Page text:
Wedge pack removal costs set for repeat

November 15, 2012

SCCA calls for proactive management from WDFW

The $76,500 cost for removing the “Wedge” wolf pack in Stevens County this summer is likely to be a repeated expense if management of the animal does not change, according to the Stevens County Cattlemen’s Association.

SCCA President Scott Nielsen said the reported $76,500 bill to eliminate 6 members of the pack could have been prevented if better management by the Washington Fish and Wildlife Department was in place.

“The last time we were in Olympia, we heard from people who were upset that the pack was removed and the truth is we are upset too,” said Nielsen. “We believe if WDFW had removed the individual problem wolves sooner, eliminating the whole pack may not have been necessary and a considerable amount of taxpayer money would have been saved.”

The circumstances leading to the pack removal started in early May 2012, as the Diamond M Ranch near Laurier began to lose calves to wolf attacks. As the attacks worsened and injured or dead calves was a near daily occurrence, WDFW hesitated about what to do, dithered on confirming wolf activity and did not take appropriate action, said Nielsen.

Despite non-lethal methods employed by the Diamond M, including moving cattle and range riders, the pack depredation could not be deterred.

WDFW finally removed the Wedge pack in September with an aerial crew after the agency had already expended over $54,000 to deploy on-the-ground personnel for 39 days. The land-based efforts only resulted in the removal of one wolf.

 By the time the wolves were removed, the pack had killed 10 calves and injured 8 more at the Diamond M. The financial loss to the ranch due to death, injury, mutilation and stress on their cattle caused by wolves is estimated to be over $100,000, according to the Diamond M.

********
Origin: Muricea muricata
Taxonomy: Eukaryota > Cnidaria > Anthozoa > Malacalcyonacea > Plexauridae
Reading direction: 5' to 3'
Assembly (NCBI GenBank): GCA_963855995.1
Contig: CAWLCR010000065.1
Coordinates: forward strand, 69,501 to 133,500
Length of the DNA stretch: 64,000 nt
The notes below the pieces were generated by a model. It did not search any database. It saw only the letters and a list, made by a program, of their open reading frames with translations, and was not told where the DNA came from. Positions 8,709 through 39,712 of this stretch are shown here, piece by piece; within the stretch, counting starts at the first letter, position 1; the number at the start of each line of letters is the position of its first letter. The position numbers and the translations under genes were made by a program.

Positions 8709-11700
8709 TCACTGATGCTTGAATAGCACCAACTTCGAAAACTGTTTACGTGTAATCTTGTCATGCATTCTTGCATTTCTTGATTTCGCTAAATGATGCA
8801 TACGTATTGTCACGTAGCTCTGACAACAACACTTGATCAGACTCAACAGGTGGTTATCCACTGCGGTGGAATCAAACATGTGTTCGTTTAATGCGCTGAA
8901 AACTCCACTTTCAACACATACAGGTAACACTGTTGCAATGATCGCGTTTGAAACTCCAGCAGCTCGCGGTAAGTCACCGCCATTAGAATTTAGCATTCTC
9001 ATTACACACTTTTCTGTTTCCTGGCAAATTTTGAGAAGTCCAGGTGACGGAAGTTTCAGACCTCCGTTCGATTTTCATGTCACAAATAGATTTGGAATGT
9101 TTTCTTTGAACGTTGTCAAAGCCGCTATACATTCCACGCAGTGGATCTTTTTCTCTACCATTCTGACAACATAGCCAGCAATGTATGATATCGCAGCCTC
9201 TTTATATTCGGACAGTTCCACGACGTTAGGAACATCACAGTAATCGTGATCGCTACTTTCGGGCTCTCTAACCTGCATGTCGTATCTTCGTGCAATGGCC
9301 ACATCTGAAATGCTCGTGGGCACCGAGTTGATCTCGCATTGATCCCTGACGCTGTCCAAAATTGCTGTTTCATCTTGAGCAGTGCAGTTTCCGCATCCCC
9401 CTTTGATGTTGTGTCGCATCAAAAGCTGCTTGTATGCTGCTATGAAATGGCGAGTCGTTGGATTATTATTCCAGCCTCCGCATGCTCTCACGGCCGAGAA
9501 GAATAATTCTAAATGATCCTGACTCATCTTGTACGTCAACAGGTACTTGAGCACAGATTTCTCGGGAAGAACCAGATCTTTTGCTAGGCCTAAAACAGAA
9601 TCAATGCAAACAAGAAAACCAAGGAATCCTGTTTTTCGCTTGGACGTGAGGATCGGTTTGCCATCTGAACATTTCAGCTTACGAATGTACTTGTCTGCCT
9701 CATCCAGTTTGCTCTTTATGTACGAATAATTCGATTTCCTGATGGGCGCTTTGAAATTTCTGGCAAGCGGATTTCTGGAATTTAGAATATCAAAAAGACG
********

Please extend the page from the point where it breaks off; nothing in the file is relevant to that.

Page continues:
This scenario is set for a repeat, according to Nielsen, unless state wolf management changes.

“What we hope the Department has learned from this is that wolves and livestock do not mix. We have eight more wolf packs in our region that are likely to find penned horses, grazing cattle and backyard goats easier to kill and more appealing than searching for their natural prey,” said Nielsen. “If we don’t reduce the number of wolves in our area, we will be looking at a ‘Diamond M’ type situation again in the near future.”

Nielsen said SCCA is advocating for a reduction in the number of wolves in the region; both by reducing pack size and relocating some of the Eastern Washington packs to other parts of the state.

“One thing that we have heard from other parts of the state is how much they want wolves to be on the Washington landscape. We have an overabundance of these animals in our area and know that relocation can help reestablish them throughout Washington,” Nielsen noted.

Nielsen noted SCCA is also advocating to delist the wolf in the Eastern Washington region so there can be a needed adjustment in management.

“We need to transition from a recovery mindset to a management mindset in this state,” he said. “The numbers are there, the conflicts are easy to predict, so let’s deal with reality.”




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